2012 Nobel Prize in Chemistry
The year was 1984 when Professor Brian Kobilka, fresh from completing his medical residency, stepped into the Lefkowitz Lab of Duke University. With the public health service scholarship that paid for his medical degree de-funded, he was no longer obligated to serve in the public health services post-residency. Instead, he had to conduct academic research for four years. Interested in cardiology, Prof Kobilka joined the lab—headed by and named after Professor Robert Lefkowitz—as a postdoctoral fellow to conduct biochemistry and medical biology research.
This pivot to research felt serendipitous to Prof Kobilka, whose interest in science began as early as high school. While he first saw science as a way into medical training, he eventually spent weekends and summers in labs during college, pursuing various research projects. At medical school, his passion for research soon outweighed his interest in clinical practice.
Prof Kobilka was interested in G-protein-coupled receptors (GPCRs)—membrane proteins that are responsible for the body’s intracellular responses to external stimuli. The lab’s primary focus was on adrenergic GPCRs, which regulate the body’s responses to the adrenaline hormone. Supported by a dedicated team at Lefkowitz Lab, Prof Kobilka achieved a breakthrough in two years when he successfully cloned the beta-2 adrenergic receptor and identified its full DNA sequence. It was an exciting period as he was competing against other labs that were trying to achieve the same thing.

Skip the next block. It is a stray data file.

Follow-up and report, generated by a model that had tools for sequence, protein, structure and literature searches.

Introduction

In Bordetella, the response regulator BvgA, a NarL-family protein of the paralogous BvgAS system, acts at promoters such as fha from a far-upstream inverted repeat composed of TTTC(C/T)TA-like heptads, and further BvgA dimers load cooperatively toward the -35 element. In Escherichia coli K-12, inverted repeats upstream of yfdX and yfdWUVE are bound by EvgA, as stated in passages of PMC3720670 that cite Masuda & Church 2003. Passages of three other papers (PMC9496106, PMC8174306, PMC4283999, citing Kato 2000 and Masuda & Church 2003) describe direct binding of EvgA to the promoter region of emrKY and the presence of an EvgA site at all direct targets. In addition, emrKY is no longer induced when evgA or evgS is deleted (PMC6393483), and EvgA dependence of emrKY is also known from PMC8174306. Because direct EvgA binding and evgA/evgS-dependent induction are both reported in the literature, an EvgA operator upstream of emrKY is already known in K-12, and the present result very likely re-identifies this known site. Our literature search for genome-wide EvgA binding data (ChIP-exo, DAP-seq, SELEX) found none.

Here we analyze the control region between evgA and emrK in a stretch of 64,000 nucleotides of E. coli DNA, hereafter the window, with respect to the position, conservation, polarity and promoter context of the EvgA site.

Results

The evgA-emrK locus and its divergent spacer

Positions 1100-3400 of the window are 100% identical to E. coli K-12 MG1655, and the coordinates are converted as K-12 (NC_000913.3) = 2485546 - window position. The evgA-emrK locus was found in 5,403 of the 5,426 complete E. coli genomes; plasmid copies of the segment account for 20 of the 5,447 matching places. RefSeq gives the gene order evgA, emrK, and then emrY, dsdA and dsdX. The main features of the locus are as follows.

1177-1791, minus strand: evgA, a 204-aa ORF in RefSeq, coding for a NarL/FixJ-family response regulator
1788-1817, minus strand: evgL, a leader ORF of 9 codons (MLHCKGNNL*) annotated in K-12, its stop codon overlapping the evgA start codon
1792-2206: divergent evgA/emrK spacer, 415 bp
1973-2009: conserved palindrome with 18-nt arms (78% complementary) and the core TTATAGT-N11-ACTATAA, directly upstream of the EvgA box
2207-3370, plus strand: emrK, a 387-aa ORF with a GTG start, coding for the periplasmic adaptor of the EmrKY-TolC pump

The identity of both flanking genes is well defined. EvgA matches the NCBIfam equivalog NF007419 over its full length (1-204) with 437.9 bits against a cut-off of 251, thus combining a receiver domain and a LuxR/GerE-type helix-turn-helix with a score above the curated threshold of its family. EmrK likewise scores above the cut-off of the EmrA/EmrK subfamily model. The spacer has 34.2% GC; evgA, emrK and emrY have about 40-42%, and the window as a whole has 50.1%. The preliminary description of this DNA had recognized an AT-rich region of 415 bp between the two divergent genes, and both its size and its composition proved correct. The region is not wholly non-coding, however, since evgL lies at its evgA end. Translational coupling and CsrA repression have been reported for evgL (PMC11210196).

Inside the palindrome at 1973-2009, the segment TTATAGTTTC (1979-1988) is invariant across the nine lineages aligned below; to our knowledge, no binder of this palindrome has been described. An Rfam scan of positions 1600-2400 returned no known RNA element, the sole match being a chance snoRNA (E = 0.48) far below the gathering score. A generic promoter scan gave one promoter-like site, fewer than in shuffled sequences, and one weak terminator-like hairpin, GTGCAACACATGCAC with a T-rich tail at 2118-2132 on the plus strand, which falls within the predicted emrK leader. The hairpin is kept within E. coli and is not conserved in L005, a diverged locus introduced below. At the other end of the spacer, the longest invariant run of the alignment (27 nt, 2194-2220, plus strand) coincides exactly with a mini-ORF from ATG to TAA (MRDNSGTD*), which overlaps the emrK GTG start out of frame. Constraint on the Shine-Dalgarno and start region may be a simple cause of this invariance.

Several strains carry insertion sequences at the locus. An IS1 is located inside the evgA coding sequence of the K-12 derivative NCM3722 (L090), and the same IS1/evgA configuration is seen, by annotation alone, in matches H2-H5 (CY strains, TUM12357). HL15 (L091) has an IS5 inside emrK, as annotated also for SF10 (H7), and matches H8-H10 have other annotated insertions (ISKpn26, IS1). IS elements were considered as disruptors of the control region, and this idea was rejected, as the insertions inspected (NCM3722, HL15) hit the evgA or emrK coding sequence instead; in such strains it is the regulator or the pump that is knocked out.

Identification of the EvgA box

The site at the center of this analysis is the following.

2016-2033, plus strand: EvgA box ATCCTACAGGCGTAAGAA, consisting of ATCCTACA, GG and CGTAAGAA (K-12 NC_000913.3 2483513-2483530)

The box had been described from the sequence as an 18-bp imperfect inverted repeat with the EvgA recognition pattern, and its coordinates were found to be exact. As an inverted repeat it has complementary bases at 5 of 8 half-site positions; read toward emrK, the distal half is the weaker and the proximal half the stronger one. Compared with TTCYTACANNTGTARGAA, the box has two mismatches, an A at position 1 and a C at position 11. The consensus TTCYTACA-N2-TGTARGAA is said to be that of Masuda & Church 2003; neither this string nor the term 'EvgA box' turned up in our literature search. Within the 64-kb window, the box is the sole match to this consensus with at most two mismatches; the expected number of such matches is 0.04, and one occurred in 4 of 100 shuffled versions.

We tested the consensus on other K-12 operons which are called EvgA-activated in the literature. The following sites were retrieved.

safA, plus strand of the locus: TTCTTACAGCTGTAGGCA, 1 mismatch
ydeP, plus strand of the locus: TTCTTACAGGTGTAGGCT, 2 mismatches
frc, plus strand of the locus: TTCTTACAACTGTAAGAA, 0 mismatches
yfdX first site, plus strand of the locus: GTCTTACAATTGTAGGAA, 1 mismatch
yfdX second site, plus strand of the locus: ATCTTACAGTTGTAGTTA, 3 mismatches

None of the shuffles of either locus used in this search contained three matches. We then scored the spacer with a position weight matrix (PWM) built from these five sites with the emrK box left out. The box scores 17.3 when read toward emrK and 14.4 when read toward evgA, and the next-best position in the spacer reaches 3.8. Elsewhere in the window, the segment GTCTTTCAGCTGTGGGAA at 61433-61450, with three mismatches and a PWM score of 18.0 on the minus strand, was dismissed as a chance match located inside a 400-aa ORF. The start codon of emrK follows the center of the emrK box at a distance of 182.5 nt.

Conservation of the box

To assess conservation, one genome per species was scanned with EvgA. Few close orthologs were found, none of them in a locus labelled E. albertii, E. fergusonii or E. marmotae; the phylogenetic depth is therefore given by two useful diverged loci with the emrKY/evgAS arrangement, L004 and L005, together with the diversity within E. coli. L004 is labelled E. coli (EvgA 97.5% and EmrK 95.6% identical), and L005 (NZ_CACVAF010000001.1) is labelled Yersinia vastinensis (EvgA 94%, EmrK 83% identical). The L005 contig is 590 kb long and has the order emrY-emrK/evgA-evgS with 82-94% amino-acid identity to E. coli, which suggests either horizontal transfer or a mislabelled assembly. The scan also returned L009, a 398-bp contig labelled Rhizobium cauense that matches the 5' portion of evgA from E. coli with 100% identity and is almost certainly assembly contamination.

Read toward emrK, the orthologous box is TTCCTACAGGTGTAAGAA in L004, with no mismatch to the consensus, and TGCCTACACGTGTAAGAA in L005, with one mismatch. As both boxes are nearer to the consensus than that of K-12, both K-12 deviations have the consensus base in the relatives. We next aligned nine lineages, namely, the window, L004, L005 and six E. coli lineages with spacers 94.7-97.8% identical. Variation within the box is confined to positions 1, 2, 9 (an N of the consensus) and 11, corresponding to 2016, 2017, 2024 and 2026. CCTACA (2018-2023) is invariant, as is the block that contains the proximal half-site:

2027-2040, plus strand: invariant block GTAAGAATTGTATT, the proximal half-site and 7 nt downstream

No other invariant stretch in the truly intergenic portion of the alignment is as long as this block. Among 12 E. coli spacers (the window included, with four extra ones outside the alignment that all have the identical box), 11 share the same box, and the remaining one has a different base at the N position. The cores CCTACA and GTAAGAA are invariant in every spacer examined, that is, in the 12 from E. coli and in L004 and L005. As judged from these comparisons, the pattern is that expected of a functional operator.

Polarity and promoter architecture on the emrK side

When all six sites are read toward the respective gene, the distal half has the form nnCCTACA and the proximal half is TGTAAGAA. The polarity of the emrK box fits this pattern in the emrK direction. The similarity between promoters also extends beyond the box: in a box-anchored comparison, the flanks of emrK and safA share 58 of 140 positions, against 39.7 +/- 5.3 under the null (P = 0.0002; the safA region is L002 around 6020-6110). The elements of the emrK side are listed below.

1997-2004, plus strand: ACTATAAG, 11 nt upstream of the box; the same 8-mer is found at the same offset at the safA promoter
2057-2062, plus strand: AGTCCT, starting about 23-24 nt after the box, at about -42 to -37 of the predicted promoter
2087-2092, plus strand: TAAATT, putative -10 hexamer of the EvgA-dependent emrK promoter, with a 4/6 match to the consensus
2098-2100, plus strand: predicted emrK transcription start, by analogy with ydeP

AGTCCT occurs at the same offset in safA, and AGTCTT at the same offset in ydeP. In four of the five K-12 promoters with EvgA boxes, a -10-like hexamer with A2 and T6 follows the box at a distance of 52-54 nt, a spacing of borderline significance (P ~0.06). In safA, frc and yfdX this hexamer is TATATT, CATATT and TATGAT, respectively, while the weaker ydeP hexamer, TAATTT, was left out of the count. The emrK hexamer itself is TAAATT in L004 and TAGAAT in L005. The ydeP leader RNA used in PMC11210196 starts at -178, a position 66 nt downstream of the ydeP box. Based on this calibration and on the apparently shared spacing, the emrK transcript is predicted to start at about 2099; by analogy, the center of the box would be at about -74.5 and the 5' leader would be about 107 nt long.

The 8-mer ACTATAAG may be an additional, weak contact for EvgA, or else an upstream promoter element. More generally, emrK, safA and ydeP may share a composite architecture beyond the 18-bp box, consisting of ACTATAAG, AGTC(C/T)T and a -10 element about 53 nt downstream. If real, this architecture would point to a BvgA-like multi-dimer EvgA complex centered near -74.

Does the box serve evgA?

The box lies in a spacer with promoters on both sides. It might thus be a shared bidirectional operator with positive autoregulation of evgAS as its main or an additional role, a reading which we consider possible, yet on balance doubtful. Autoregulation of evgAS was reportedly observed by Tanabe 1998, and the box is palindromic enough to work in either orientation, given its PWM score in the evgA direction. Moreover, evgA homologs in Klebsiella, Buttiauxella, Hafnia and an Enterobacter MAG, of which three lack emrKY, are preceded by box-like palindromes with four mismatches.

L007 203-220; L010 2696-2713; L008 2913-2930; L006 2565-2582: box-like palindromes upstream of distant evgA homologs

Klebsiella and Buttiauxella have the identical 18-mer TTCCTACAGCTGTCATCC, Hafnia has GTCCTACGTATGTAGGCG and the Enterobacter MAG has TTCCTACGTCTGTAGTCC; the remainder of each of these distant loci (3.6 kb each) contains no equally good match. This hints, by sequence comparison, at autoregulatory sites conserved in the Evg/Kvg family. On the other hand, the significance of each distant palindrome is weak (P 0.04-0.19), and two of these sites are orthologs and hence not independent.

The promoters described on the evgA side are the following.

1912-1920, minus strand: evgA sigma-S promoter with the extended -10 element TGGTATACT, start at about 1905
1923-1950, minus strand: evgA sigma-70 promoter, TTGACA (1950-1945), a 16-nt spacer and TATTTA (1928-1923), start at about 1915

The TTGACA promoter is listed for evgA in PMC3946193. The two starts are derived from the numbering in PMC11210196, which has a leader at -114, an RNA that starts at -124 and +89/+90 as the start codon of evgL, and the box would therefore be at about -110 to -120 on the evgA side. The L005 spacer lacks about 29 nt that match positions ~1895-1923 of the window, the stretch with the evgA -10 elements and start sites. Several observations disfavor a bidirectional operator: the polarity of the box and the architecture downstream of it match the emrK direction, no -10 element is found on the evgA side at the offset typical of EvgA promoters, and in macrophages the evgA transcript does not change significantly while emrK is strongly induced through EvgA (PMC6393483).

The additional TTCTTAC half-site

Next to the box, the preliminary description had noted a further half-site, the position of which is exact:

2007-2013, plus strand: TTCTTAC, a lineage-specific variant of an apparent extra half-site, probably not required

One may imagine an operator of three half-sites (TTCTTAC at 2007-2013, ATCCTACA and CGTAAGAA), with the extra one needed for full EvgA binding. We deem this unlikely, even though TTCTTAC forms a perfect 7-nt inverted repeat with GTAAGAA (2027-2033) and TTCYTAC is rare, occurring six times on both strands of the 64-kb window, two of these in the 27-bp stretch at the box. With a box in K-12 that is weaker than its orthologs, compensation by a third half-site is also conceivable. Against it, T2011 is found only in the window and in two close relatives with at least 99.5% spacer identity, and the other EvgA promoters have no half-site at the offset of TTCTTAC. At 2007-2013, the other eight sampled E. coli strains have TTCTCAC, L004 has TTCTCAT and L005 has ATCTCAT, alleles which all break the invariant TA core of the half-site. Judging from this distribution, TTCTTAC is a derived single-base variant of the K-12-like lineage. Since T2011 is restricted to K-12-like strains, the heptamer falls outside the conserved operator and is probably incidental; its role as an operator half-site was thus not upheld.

Since then, Prof Kobilka has dedicated his career to advancing GPCR research. He moved to Stanford University in 1989 to become a Professor of Molecular and Cellular Physiology, a role that he still holds. Now heading his own lab, his achievements include resolving the crystal structure of the G-protein complex—a feat that was particularly rewarding because he could collaborate with multiple researchers of various disciplines, from detergent scientists to lipid chemists to colleagues in X-ray crystallography.
For someone who had stated that he felt like a novice entering a lab full of well-trained biochemists and pharmacologists, Prof Kobilka is now the authority on all things GPCRs. His studies on GPCRs earned him the John J. Abel Award in Pharmacology in 1994, the Javits Neuroscience Investigator Award in 2004 and the Nobel Prize in Chemistry in 2012 (shared with Prof Lefkowitz).
Prof Kobilka believes collaborations and strong relationships in a lab are vital for scientific research, particularly if one is new to the field. His early transition from clinical to research was made smoother by his Lefkowitz Lab colleagues who generously devoted their time to helping him. He counts his wife, Dr Tong Sun Kobilka, as among his closest collaborators, and has co-founded the biotechnology company ConfometRx with her.